September 28, 2019
After meeting at the Jackson Park administration building we took a quick walk through the picnic area then down along the nature trail. The open space here offered better light in early morning overcast conditions than some of the more wooded trails may have. We walked toward the greenway between two ponds. In the ironweed thickets a common yellowthroat called but would not reveal itself for long. In the oaks over one of the ponds a Tennessee warbler and magnolia warbler were active but distant. We continued towards the greenway.
Coming to the greenway bridge we started to encounter quite a few birders. Rare birds had been found here yesterday, a Connecticut Warbler and a Black-billed Cuckoo. The word was out and the local birders were on the hunt.
We walked down the road towards the dog park. A Northern Waterthrush popped up to our left, gave us a frantic view and was gone. A few paces down the road a Hooded Warbler hopped out and foraged low in good light, working its way up a vine strewn tree trunk. After it dove into a streamside tangle we moved on.
Down the road we found ourselves in an active upper canopy flock. American Redstarts, Magnolia and Chestnut-sided Warblers were actively foraging and working through the treetops. They moved east and out of our range and we walked down the road and back onto the nature trail where we tried to intercept them.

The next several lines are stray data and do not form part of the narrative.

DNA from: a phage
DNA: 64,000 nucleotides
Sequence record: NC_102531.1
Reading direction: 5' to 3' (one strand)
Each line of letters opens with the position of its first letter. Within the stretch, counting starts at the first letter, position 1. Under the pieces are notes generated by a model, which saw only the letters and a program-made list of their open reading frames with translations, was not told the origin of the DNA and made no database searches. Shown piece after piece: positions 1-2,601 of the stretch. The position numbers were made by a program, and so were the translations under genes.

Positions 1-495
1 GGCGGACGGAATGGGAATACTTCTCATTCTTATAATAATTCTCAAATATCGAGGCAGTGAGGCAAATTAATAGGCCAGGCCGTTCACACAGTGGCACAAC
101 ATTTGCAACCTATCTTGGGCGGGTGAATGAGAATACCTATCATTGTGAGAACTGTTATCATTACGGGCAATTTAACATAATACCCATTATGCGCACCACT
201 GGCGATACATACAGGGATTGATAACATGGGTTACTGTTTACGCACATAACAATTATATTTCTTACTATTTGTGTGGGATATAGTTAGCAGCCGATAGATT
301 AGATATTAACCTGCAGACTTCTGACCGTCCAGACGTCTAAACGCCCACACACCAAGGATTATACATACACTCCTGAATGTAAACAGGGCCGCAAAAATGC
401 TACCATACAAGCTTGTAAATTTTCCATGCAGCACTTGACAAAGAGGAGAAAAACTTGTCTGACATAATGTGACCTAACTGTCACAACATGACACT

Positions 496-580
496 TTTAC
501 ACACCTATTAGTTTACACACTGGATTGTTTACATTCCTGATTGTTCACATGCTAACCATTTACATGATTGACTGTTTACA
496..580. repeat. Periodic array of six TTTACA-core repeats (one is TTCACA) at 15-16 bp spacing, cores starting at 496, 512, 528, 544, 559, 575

This time it was on! Warblers were foraging at all levels of the forest. The action was fast. Birds were foraging low enough to give our aching necks a break. For the next hour or more we walked through the forest sorting through different species-males, females, adults and immatures. American Redstarts outnumbered all other birds, even chickadees and titmice, by a long shot. We were constantly serenaded by White and Red-eyed Vireos and Eastern Wood-Pewees whistled plaintively.
The warbler trail proved to live up to its name. We tallied eleven species of warbler on a short walk down. Many birds were foraging just feet away.
As mid-day approached the day warmed and bird action died down a bit. We took the opportunity to enjoy a picnic in the shade and talk birds for a while. It was a very pleasant way to wind down after a fun morning of birding with a great group in a wonderfully birdy park.